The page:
- Then, an easy pace run of 10 minutes.
- As you progress, bike for 30-90 minutes at training intensity (length depending on the triathlon distances you training for.)
- Then a tempo pace run of 20-40 minutes at training intensity.
As you become accustomed to the workout, increase the intensity as well as the distance covered. With time, this becomes simple, and you’ll feel like you’ve added an extra mile to your race. However, it should be slow to prevent injuries during the transition and maximize your workout time.
4. Run and Strength Combo Workout
As the name suggests, a combo workout combines two types of exercises into a single session. Also known as a hybrid session, it can involve running for a few to several minutes, followed by a strength-training circuit.
There are multiple benefits of this type of workout for a triathlete. Besides saving time, combining workouts helps you target various muscle groups, break through plateaus and reach high levels of your workout.
Even though most triathletes prefer working out in the open, a gym can be a good place to kickstart your combo training. For instance, your running workout can compromise a blend of running on a treadmill and several intervals of endurance training.
If you want a high-intensity workout, you may consider looking at a detailed treadmill walkthrough review to pick the best machine to enable you to get the most of your strength and cardio training,
To start with, you can adopt this simple routine on a treadmill and with a pair of dumbbells;
- Start with three-minute warm-up dynamic exercises, including leg sweeps, high knees, and butt kickers.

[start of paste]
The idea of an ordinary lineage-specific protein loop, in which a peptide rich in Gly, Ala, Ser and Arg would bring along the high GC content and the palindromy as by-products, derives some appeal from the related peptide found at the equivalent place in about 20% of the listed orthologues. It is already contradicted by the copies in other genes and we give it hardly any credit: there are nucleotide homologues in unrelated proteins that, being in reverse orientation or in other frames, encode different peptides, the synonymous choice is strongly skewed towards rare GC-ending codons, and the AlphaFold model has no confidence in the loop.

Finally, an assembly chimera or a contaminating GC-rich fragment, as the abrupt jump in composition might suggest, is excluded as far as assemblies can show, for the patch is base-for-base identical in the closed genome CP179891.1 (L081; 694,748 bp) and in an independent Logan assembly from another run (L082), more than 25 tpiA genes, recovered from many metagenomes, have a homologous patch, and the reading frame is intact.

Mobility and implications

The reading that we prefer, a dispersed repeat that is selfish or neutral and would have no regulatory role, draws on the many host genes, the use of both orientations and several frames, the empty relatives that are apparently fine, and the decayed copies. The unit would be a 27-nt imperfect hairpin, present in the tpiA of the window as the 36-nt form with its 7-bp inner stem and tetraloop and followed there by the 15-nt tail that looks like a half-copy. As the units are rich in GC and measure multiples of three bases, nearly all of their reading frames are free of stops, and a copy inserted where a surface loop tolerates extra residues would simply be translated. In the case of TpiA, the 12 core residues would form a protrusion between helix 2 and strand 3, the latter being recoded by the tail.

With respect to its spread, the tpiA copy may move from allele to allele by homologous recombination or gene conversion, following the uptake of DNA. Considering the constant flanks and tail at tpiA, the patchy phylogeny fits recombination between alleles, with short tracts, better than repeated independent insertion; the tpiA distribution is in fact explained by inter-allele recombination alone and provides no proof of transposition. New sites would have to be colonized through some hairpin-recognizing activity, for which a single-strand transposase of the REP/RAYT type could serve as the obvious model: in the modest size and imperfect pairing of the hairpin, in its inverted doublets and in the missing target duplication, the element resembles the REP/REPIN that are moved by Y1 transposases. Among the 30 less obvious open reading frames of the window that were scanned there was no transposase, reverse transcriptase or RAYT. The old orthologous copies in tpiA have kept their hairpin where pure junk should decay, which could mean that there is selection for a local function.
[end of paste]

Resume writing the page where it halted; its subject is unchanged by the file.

- Follow the exercises with warm-up jogging for 5 minutes, 2% incline running for 90 seconds, 3% incline running for 90 seconds, and 4% incline running for 90 seconds. Have a 45-second recovery at each interval.
- Increase intensity by adjusting the incline and reducing run time. Repeat the circuits and use heavy dumbbells to create fatigue.
- For finisher sprints, sprint at 1% incline for 30 seconds and break for 60 seconds to recover.
5. Plyometrics Workouts
Plyometric training can sound complicated and possibly challenging, especially for beginner triathletes. Because of the complex movement sequences that are often explosive, there’s an impression that ply workouts are only suitable for pro athletes. On the contrary, both amateur and professional athletes can benefit from plyometric exercises, provided these are performed correctly.
Runners who follow a training routine with ply exercises can increase their performance because of more strength in their lower body and enhanced explosive power.
Typically, plyometrics involves using bounds, jumps, and hops to reduce ground time. It also includes strength training and stability to help you decelerate, land gently, and have reasonable control of the body.
Examples of simple plyometric workouts include:
This workout involves skipping on your ankles using calf muscles and straight legs. You may start with three by ten ankle hops, then advance to 3 by 30 with both legs.
With depth jumps, start by standing on a box, step off and fall towards the ground. This workout triggers your lower body muscles, including quadriceps, glutes, and hamstrings.
As the name suggests, box jumps involve jumping from the floor to a high surface. Essentially, the exercise targets your quads and enhances explosive power.
Single Leg Hops
Single-leg hops drills enable you to develop power and continuously improve your balance and stability. It also boosts coordination between the firing of glutes, ankles, and knee extension to maximize power and stability.
Last Word on Triathlon Running
It’s no secret that specialized run training is an important part of a triathlon training program. If you don’t incorporate strength training, plyometrics, and variety into your run routine, you’re missing out on valuable stress and stimulus that can help you come race day. Not do these activities help improve your running economy and speed, but they also reduce the risk of injury. Further, it targets your key muscle groups and enables you to develop a balanced approach.